On Friday, Joe Biden’s administration announced plans to issue oil and gas drilling permits in the Gulf of Mexico, a move that has sparked controversy and challenges Biden’s promise not to authorize new drilling for fossil fuels on federal lands.
Despite criticism from environmental groups and the hydrocarbon industry, the Democratic administration plans to grant permits for three drilling zones, the lowest number in history, according to the Department of the Interior. This decision has been met with skepticism as it contradicts Biden’s previous actions to address the climate crisis, including banning new oil and gas development in a vast area of northern Alaska this year.
The government justifies this action by arguing that it is legally obliged to open hydrocarbon exploitation permits to authorize wind energy projects. Although the number of permits is lower compared to the previous Trump administration’s expectations, it is still seen as a controversial decision as it undermines efforts to move toward more sustainable and renewable energy sources.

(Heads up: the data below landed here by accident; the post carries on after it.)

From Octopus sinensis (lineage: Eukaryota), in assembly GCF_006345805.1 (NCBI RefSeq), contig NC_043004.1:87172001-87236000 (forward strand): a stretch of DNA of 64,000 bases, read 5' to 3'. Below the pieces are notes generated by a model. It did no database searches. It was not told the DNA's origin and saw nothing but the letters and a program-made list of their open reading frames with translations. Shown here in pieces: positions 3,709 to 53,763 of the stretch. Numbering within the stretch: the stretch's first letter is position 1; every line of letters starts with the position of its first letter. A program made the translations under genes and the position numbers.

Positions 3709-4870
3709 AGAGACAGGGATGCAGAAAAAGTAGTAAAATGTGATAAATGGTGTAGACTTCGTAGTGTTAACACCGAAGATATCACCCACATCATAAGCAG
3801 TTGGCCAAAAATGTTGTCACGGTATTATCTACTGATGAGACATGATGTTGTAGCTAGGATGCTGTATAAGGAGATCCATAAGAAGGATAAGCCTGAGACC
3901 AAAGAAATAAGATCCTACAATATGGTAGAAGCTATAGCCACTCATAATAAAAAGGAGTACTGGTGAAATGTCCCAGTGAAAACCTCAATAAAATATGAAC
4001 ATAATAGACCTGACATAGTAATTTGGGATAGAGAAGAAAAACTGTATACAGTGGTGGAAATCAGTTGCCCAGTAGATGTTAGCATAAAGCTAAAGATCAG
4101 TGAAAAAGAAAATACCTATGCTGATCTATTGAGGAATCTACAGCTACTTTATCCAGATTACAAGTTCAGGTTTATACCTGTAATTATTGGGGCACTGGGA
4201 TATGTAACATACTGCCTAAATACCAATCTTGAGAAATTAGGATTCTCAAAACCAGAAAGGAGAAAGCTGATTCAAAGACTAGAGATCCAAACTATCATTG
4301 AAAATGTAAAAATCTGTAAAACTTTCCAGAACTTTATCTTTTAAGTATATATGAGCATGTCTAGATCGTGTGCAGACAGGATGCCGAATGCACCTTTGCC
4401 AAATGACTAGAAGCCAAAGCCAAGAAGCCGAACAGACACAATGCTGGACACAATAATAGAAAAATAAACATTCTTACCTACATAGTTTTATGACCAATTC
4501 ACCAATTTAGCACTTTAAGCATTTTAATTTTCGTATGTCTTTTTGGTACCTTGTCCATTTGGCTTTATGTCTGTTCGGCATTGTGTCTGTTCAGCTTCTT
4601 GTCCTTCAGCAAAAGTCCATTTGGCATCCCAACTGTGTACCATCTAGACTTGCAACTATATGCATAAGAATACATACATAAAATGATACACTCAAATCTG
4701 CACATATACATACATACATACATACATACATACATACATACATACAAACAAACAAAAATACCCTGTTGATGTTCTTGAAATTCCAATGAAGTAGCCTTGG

This decision highlights the complex tensions between economic needs and environmental concerns in US energy policy as the country struggles to find a balance between energy demand and environmental protection amid the growing global climate crisis.